Also there is NO WAY that Dupre would pass an actual FBI psych eval. He's a former prison guard who fell in love (obsessively in love, mind you) with an inmate and then spent a year crisscrossing the country on a bank robbery / murder spree. It's not like he has access to the real Willis's memories or anything to help him pass the test - after all, then he'd remember Scully's birthday and how to sign his host's name.  If that guy can actually pass a FBI psychological exam, then there's hope for just about anyone (and it explains how Mulder got in in the first place...).

To Scully's credit, she does at least make some effort to make sure "Willis" is okay - she heads up to his cubicle at the VCU to ask about the missing fingerprint. He's a little distracted, however, because he's just received a phone call with a lead to Lula's location: a landlord thinks that Lula is in his building.

Scully and Dupre head out (for some reason Scully doesn't see fit to bring Mulder along...). "Willis" says he's called for backup but insists they can't wait any longer.  They spot Lula just as she's about to go do some laundry.

That's... that's not really the face of a man hunting down a fugitive...

They give chase, with Scully finally tackling and cuffing Lula in the basement of the building after a brief struggle. Dupre approaches, picks up Scully's gun... and tosses her a pair of handcuffs, ordering her at gunpoint to put them on. And not in that cool sexy way you know they did before.

Scully FINALLY keys in that something is kind of amiss here

There's a Dreamland joke in here somewhere, I just know it.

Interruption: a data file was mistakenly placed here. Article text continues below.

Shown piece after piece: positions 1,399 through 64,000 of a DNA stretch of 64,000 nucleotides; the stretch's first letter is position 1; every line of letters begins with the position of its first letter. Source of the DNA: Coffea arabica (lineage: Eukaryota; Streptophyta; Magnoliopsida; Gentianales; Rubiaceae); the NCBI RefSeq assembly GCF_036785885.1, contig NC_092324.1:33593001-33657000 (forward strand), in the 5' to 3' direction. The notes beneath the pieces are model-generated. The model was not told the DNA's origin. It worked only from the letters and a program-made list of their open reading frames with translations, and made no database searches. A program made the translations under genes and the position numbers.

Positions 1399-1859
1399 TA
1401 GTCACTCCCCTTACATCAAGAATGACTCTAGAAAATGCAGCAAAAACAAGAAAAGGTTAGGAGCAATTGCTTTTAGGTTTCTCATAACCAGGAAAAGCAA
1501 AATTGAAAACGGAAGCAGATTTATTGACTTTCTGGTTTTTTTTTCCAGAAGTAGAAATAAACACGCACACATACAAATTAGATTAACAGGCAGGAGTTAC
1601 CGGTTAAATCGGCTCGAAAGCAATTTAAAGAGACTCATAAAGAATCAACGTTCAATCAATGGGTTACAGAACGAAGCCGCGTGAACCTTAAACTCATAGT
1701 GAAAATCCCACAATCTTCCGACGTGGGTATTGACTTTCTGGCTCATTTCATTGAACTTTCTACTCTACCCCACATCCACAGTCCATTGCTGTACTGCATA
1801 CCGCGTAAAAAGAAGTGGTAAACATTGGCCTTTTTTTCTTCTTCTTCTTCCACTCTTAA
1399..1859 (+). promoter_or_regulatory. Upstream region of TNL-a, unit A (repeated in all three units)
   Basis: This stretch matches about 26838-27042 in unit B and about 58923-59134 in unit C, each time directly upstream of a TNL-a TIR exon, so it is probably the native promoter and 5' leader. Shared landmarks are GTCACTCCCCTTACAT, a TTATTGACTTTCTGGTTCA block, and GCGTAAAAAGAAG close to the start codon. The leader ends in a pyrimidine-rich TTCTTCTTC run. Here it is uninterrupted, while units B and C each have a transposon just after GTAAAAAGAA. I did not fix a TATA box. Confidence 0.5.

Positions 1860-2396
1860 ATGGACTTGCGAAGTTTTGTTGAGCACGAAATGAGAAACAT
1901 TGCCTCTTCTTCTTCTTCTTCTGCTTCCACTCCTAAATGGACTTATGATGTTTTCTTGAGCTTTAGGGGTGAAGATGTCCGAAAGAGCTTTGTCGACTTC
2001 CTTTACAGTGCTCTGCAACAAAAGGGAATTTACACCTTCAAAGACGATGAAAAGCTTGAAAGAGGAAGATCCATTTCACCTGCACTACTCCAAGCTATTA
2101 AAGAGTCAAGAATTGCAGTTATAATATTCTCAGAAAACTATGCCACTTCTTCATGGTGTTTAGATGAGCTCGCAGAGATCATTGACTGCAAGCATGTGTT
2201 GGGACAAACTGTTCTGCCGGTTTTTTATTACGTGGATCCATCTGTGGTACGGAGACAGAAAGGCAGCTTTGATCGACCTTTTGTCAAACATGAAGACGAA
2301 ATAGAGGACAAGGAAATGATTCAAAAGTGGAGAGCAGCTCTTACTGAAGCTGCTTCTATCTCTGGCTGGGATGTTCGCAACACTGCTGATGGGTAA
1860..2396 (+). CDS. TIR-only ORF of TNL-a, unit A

when "Willis" starts caressing Lula's face and getting weirdly sentimental.

We skip some time and probably a very awkward car ride and cut to Scully cuffed to a radiator, her lip swollen and bloody.  Dupre is trying to convince Lula that he's still him, just with a new face, by telling her stories of their time together.

LULA: (not convinced) Okay. Okay, what did we do after we got married?
WILLIS: (suggestively) Right after?
LULA: After that.
WILLIS: Well, we went down to the beach. I took out my buck knife and I sliced open my palm and then I slit open your palm … and we let the blood drip down in the water.
LULA: Then what did you say to me?
WILLIS: I said, "This is so we can be married in all the oceans of the world."  And then I made you a solemn oath … (holds up wedding ring that he cut from his own corpse) to never take this ring off my finger. Ever. I mean to keep that promise.
I honestly can't decide if that's truly bizarre or kind romantic. I sort of figured that these aren't the kind of people who really worry too much about consequences, but still. HIV? Hepatitis? Tetanus from the dirty knife? And who knows what other gross shit you might have gotten in those wounds considering you cut yourselves on a BEACH. My sister went swimming once with a tiny burst blister on her heel. She wound up with a serious staph infection.

Lula must be way less paranoid about her health than I am, because that story seems to convince her that this really is Dupre, just wearing Willis's face. And she doesn't seem too thrilled about it:

Also, he just said his new body will feel the same in the dark, which would freak out just about anybody.

We cut back to the apartment building where Mulder and some other agent have just finished talking to the landlord who gave "Willis" the tip. Mulder manages to keep a terse front to mask just how badly he's freaking out about the fact that Scully has now been missing for 12 hours. Luckily he doesn't have to wait much longer - Dupre calls his cell seemingly just to taunt him with Scully's frightened voice.

After Dupre hangs up, Scully tries to reason with him, reaching to the Willis she thinks is still inside - she tells him the real Willis's birthday and address, and about a weekend the two of them spent at his parents' cabin in a snow storm. Dupre starts seeing flashes of those memories, but he pushes those memories away, telling Scully he remembers that she shot him and then let him die in order to save Willis... but he came back instead.

He jabs a gun into her face but Lula comes in before he can pull the trigger, reminding him that they need Scully alive. He takes a sip of her soda and Scully tells him that Jack Willis's body is diabetic and pleads with him to get insulin before he goes into a diabetic coma.